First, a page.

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“I might be a weirdo environmentalist by saying that, but I really don’t think so,” she says. She understands that for people to really adopt environmentalism, it has to fit into their lives, not the other way around.

Practicality is not the only thing Henderson looks for in helping her clients achieve their green goals. She also encourages them to find a personal connection to environmentalism. She insists that everyone has a connection to the environment, regardless of whether they realize it.

“I think it’s important for our teams that we work with to know their story,” she says. “I think when people understand their story and their conviction around it, they’re able to better communicate it.” For instance, maybe a client has a daughter with asthma or an elderly parent with chronic obstructive pulmonary disease (COPD), maybe they are avid recyclers at home. Henderson remembers one client who was ultimately moved by seeing a mattress floating down the river outside his home.

“That’s really the connection,” she says. “Once they personalize it—that’s up to the CEO level and everywhere in between—they own it; they can begin to achieve more.”

Henderson’s own story starts in the art and architecture world, trying her hand at jobs ranging from designing large-scale public works projects to being a United Way ambassador. However, nothing fully stuck for her until she remembered how much she loved her environmental science class at Auburn University, and eventually founded the sustainable design studio at TVS (now tvsdesign).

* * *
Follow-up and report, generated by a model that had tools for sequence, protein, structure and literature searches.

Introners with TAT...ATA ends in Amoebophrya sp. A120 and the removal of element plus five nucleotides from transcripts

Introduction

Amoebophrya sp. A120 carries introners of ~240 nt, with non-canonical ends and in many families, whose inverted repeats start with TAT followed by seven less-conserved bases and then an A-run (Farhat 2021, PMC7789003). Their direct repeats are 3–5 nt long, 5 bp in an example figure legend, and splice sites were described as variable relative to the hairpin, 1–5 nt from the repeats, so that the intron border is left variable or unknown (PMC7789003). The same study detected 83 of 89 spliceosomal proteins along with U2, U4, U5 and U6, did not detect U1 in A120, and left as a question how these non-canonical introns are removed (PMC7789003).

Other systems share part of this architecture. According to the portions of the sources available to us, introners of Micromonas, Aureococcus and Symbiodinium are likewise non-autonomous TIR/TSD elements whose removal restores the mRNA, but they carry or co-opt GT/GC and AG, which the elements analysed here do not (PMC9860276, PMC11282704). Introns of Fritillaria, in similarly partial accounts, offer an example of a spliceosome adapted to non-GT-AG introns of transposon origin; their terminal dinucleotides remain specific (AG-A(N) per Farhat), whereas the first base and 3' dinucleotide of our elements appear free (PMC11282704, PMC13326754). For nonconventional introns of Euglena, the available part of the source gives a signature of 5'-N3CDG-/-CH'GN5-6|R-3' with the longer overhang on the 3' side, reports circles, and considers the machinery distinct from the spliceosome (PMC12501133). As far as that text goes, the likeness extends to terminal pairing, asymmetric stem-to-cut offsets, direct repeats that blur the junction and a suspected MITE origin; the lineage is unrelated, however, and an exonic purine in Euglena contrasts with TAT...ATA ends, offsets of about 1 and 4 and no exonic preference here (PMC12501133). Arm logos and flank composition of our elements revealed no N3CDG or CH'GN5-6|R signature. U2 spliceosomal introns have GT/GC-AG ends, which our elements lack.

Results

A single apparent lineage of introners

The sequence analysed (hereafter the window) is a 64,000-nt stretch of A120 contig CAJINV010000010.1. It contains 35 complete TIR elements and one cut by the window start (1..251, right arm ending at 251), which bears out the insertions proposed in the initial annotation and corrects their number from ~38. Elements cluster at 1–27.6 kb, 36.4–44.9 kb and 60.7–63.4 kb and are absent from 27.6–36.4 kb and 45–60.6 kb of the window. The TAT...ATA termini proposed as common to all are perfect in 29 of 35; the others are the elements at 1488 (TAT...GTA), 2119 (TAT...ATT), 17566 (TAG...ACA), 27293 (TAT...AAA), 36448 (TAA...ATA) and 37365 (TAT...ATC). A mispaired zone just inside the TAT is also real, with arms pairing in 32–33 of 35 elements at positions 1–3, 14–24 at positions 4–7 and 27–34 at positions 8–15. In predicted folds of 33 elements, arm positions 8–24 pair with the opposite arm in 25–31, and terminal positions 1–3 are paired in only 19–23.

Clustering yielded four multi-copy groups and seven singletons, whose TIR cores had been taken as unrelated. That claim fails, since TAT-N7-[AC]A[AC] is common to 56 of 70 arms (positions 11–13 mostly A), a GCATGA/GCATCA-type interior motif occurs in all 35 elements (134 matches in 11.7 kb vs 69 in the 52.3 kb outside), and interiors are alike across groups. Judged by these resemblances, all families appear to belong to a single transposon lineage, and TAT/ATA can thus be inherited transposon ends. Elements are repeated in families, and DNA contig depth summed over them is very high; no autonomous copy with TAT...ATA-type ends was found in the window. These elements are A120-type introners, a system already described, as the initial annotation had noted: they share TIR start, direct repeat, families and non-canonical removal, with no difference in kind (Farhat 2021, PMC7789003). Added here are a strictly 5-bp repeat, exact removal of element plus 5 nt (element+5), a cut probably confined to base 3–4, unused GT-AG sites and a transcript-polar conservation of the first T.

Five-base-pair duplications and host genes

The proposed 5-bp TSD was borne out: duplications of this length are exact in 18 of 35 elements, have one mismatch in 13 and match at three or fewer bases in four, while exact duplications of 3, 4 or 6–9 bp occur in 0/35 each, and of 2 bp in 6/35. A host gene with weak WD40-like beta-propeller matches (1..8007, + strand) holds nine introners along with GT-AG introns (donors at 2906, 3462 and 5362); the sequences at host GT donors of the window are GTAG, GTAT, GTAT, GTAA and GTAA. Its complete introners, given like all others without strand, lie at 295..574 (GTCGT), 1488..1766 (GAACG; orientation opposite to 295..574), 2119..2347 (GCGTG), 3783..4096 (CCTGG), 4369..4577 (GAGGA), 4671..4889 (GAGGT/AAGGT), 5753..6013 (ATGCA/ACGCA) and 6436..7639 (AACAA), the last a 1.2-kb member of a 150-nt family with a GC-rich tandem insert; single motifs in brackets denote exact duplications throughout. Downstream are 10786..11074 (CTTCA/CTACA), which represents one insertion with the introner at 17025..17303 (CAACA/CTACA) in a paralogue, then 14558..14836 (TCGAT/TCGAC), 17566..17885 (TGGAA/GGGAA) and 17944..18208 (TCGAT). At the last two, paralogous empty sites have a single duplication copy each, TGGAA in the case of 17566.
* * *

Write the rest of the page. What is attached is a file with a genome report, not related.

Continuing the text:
“I think I’ve always had a distinct sense of purpose. I tend to go to the grocery store with vigor. Life’s a sponge, and every day I’m trying to wring it out,” she says. “It sounds so cliché, but I can make a difference…I guess I looked at environmentalism as stewardship, responsibility.”

As she encourages companies and the people who run them to discover and connect with their own environmental stories, Henderson finds that her clients often evolve in their environmental goals. Whereas at first they may simply consider “going green” a way to respond to their customers’ expectations or market trends, they quickly want to do more and push their goals even further.

“What I’m constantly amazed at, and excited by, and what gives me hope is that once they get into the process, they get really excited by it,” she says. “They want more.”

Although she finds apathy disheartening, Henderson believes that the best way to combat it is by making that personal connection. To that end, she says that she will work with clients that do not have a perfect lifecycle or footprint, clients that others in her field would not dream of working with.

“I’m one of those environmental consultants that will work with anyone,” she says. “Everyone deserves to be helped, and I want to help them. And sometimes I prefer those jobs because they need the most help.”

She recalls being in a meeting with one of those companies when one of its employees started to talk about what an avid recycler he was at home. “I almost started crying. It’s the revealing of those stories that they don’t even know are inside them that makes me excited,” she says. “I can help someone foster that story and what that story leads to…multiplying hands is probably my most motivating thing.”